MSC is Adding One More Cruise Ship to the Crowded China Market

    With an exclusive "ship-within-a-ship" section, cruise company MSC aims to cash in on Chinese tourists' growing demand to take to the sea.
    MSC Splendida is shown in Malta. The ship will sail from China starting in 2018. (Roderick Eime / Flickr)
    Hannah SampsonAuthor
      Published   in Fashion

    More ships are lining up to sail in China, even as the market struggles to adjust to huge increases in capacity.

    MSC Cruises was the latest to make a new move into the fast-growing market, announcing Wednesday that it will send a second ship to China in May of 2018.

    MSC Splendida, which can hold 3,274 passengers at double occupancy, will visit ports in China, Japan, and Korea. The Geneva-based operator did not say what its exact itinerary will be or where it will be based.

    The privately held company made its first foray into China with MSC Lirica in May. The 1,984-passenger vessel is sailing in Tianjin for the season with “cruise ambassadors” who speak Mandarin, luxury retail, and dining options that cater to local cruisers.

    It is not clear what changes Splendida will undergo in preparation for its entry into the market, but MSC said in an announcement that the ship will be renovated in 2017 to “further improve and customize” the onboard experience. The ship launched in 2009.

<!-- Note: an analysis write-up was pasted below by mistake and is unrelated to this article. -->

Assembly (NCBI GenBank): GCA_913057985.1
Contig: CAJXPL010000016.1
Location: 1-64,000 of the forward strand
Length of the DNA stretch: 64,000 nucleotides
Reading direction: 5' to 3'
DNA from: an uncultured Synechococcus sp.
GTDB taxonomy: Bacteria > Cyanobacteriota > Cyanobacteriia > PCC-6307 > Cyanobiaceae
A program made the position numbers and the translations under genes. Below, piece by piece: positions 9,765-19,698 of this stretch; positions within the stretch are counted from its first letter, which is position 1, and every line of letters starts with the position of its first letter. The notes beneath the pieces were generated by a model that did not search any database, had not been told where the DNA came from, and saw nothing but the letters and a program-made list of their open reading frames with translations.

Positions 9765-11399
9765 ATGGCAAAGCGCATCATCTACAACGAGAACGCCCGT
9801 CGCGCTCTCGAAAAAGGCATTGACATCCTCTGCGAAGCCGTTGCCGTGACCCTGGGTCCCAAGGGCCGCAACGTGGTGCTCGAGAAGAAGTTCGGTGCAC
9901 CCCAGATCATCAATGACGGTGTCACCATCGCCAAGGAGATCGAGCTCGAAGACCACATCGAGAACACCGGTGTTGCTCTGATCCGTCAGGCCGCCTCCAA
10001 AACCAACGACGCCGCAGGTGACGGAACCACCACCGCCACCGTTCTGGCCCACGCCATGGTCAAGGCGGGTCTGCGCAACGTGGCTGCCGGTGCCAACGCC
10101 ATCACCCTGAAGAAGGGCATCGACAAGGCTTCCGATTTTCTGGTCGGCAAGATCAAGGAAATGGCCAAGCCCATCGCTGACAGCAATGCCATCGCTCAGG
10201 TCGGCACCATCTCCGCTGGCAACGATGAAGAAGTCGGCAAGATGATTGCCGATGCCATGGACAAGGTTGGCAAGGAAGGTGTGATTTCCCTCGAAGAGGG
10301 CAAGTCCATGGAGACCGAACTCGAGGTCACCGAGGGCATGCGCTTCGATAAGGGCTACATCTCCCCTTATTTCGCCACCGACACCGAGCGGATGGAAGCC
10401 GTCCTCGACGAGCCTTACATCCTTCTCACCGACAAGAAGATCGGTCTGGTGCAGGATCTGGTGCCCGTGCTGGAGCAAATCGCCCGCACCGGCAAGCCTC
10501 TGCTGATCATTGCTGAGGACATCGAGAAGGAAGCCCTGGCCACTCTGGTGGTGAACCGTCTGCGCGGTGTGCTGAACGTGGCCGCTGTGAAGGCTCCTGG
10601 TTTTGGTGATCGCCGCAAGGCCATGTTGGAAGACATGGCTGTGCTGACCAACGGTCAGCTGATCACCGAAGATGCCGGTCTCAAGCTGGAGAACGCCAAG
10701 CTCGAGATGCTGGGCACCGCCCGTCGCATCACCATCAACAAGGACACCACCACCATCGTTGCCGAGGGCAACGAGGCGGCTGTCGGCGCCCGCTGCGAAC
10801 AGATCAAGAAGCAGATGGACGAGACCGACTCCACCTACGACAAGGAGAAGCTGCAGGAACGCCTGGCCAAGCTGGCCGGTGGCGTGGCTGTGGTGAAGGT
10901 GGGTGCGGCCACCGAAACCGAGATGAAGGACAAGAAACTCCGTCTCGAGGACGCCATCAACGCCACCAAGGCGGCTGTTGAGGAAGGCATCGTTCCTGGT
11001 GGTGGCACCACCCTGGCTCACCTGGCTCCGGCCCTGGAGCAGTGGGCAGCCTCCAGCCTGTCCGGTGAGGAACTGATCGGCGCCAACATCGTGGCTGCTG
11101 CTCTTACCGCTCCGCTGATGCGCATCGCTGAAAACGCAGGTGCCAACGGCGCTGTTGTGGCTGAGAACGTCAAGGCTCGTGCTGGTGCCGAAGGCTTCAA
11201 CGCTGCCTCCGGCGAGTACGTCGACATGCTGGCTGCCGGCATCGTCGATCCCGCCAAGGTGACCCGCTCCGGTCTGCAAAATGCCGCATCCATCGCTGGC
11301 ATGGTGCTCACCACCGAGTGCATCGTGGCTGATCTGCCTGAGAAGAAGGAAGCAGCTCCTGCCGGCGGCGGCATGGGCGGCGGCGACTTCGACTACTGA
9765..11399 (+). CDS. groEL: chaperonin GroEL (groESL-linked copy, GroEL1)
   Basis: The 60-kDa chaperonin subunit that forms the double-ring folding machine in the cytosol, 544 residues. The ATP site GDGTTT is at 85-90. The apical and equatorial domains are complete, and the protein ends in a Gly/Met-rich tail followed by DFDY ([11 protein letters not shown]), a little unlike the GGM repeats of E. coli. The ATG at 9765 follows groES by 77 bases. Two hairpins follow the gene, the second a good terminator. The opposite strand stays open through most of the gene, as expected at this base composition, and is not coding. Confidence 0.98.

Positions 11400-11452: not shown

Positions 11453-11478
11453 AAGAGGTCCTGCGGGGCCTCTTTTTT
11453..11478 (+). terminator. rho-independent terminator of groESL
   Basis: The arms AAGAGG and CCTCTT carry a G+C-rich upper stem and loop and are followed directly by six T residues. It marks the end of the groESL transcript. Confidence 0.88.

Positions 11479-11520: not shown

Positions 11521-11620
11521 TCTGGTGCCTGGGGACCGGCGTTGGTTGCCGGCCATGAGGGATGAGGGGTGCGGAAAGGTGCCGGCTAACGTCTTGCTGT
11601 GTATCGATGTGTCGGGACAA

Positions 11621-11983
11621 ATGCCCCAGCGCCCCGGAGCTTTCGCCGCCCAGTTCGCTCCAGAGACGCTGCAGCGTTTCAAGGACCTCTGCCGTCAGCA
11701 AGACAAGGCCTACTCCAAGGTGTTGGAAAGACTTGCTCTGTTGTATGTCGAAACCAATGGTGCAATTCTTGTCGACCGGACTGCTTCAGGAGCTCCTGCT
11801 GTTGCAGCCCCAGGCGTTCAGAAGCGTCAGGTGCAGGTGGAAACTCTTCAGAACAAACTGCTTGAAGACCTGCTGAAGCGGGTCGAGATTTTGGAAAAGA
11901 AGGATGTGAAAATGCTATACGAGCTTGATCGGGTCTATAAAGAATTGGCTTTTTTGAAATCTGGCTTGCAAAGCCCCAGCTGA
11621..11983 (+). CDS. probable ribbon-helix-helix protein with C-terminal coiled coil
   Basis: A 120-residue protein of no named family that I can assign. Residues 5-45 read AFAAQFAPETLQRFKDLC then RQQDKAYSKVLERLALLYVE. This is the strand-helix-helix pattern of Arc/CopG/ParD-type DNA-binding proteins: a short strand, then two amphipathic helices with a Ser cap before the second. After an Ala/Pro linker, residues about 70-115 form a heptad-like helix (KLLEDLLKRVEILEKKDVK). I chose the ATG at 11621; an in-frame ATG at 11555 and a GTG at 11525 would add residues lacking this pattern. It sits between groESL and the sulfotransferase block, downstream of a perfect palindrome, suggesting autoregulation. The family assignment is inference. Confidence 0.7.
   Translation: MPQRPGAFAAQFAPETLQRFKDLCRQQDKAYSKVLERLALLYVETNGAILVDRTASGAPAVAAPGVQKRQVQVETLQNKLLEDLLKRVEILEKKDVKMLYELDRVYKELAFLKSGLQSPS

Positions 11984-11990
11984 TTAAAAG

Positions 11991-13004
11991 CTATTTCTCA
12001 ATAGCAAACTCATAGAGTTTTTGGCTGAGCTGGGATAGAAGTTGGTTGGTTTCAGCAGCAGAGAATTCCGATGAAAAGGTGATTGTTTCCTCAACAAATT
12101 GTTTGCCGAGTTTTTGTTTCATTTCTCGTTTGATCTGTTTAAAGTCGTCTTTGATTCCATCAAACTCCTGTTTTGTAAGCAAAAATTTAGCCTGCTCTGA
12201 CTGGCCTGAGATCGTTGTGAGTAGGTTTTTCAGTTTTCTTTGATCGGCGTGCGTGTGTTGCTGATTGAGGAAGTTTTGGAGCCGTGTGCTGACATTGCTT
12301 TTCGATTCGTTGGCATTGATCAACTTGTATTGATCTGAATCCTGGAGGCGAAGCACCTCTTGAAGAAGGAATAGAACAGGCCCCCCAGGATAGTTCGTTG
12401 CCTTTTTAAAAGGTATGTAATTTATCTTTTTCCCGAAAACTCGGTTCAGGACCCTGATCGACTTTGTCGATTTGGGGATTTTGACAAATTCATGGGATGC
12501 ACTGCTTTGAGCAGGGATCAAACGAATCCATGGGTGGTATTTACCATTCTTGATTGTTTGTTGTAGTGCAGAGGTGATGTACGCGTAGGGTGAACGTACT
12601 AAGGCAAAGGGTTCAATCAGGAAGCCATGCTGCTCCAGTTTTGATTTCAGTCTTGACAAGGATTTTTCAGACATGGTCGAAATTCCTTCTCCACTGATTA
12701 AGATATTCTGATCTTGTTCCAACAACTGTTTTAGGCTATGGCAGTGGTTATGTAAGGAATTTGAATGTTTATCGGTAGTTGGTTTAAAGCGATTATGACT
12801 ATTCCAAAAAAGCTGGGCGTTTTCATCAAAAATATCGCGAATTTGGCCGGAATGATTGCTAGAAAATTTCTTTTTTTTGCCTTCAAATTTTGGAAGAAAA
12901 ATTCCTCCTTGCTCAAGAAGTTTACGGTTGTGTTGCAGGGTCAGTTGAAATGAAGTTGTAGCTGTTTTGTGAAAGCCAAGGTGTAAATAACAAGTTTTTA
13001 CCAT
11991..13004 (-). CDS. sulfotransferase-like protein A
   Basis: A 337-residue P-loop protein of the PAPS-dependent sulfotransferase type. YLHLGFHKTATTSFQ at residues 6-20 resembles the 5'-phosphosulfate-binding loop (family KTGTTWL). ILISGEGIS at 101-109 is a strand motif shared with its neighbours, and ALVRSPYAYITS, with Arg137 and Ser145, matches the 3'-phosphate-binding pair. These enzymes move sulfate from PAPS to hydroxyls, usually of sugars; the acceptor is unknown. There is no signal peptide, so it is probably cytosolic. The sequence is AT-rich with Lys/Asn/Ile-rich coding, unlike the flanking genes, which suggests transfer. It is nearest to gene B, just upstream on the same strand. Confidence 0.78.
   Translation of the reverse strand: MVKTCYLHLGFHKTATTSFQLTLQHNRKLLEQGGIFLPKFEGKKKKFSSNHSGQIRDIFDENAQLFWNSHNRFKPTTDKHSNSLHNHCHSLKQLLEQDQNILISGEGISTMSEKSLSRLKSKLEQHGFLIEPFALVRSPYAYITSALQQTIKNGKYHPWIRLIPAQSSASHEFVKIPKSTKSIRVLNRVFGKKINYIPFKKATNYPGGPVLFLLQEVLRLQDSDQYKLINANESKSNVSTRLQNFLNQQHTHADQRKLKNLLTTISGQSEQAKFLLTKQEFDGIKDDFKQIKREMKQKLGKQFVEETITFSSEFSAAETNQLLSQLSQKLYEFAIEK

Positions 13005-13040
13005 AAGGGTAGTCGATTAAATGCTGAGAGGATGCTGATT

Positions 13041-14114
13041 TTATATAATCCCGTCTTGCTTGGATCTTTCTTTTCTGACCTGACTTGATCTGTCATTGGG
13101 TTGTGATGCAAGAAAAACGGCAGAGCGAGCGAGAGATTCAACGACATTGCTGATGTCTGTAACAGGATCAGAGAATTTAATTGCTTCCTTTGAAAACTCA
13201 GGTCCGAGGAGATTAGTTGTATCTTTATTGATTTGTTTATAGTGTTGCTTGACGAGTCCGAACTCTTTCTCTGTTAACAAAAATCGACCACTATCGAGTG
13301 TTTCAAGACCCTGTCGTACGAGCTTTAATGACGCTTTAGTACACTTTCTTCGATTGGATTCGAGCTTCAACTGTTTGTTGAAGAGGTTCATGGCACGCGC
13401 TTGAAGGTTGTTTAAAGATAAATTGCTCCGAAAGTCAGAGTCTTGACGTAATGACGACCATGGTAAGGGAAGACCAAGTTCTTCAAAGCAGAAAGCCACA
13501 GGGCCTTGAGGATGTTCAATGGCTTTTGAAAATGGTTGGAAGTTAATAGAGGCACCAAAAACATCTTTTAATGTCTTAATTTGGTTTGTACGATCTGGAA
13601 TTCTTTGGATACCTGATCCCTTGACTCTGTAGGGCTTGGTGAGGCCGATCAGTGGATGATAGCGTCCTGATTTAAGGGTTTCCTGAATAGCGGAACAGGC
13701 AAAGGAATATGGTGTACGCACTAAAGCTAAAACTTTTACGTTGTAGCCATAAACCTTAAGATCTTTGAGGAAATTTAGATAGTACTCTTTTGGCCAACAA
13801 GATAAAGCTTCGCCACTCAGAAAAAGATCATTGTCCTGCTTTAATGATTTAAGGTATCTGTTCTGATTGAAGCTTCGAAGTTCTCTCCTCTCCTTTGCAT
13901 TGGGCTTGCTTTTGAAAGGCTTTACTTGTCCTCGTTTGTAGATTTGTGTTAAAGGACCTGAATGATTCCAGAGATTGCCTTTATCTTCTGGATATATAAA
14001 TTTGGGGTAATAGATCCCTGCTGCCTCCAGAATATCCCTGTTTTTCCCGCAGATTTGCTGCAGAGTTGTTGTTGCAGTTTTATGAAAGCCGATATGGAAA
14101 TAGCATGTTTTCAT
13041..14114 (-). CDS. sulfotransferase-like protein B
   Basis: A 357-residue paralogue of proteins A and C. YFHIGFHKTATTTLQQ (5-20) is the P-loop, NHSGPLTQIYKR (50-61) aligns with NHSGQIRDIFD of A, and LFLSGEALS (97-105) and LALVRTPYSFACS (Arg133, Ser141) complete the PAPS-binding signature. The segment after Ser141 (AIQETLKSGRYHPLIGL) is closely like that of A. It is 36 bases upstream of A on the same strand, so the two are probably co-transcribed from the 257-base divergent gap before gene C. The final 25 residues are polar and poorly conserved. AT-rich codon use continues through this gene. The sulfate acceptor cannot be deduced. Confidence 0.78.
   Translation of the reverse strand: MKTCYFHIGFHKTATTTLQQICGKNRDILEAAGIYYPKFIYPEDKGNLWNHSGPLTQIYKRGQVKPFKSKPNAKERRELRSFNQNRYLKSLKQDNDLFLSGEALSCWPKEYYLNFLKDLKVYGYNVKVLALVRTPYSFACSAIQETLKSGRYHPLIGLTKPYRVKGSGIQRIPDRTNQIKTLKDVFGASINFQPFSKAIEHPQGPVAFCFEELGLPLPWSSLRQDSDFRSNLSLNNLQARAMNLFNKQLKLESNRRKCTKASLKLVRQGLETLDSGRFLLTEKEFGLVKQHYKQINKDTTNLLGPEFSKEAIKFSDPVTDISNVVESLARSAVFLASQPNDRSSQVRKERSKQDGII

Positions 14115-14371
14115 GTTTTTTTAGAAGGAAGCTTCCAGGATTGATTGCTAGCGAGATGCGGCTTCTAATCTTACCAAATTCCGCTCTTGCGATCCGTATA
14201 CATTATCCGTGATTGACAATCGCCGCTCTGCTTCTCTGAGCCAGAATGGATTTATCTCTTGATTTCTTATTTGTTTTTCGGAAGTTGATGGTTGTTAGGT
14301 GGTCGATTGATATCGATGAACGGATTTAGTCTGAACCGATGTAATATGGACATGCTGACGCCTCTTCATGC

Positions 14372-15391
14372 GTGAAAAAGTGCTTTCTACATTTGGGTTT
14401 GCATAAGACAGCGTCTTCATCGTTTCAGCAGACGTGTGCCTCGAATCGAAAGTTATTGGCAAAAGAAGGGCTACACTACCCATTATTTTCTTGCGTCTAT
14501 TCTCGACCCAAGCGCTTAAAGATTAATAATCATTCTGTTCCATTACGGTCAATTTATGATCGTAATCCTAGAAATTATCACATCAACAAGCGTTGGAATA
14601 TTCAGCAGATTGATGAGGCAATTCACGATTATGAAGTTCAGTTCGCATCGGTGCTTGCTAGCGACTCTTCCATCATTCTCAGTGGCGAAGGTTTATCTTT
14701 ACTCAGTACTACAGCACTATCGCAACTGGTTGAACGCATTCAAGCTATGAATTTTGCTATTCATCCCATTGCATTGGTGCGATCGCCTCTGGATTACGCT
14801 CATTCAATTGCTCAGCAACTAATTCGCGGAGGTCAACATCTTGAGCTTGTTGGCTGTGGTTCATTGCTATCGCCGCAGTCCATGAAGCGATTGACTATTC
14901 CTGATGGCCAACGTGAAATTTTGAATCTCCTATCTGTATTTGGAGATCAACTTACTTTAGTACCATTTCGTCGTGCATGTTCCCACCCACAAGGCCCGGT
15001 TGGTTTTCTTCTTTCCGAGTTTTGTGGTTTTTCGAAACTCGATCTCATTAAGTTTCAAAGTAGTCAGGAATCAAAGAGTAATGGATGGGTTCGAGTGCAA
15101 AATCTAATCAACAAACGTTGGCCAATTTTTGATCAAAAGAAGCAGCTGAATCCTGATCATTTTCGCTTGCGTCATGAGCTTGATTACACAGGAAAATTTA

The vessel will include the company’s exclusive ship-within-a-ship section, MSC Yacht Club, which offers high-end services such as a personal butler, private onboard areas, and priority boarding and exiting from the ship.

    In a statement, CEO Gianni Onorato said the decision to send another ship showed the company’s commitment to “this key growth market.”

    “MSC Splendida represents a second, strong step towards meeting the growing demand for our unique product and ultra-modern ships by Chinese guests,” he said.

    Onorato said Splendida has been the most popular MSC ship for Chinese and other Asian passengers who sail in the Mediterranean.

    Wednesday’s news follows MSC’s announcement last month that it was opening an office in Shanghai and appointing a president to oversee operations in the region.

    Several of the company’s competitors have already been building their business in China, including Royal Caribbean International, which has deployed two of its newest ships as well as some older tonnage. Costa Cruises has been operating in China for several years, and both Princess Cruises and Norwegian Cruise Line will launch a customized vessel next year. Carnival Cruise Line will start sailing there in 2018.

    AIDA Cruises, a German line owned by Carnival Corp., was scheduled to base a ship in China next year, but announced recently it will stay in Europe instead.

    Cruise operators have said Shanghai in particular has been getting so many new ships so fast that prices—which once earned boasts from executives—were forced to fall.

    Still, executives have reiterated that they are optimistic about long-term prospects in China. Carnival Corp. CEO Arnold Donald said during an earnings call earlier this year that occupancy levels have stayed high and earnings have been proportionate to capacity growth.

    “Overall, China remains a robust opportunity and we’re still at the very, very beginning of it,” Donald said in June.

    This article was originally published on Skift, a Jing Daily content partner.#

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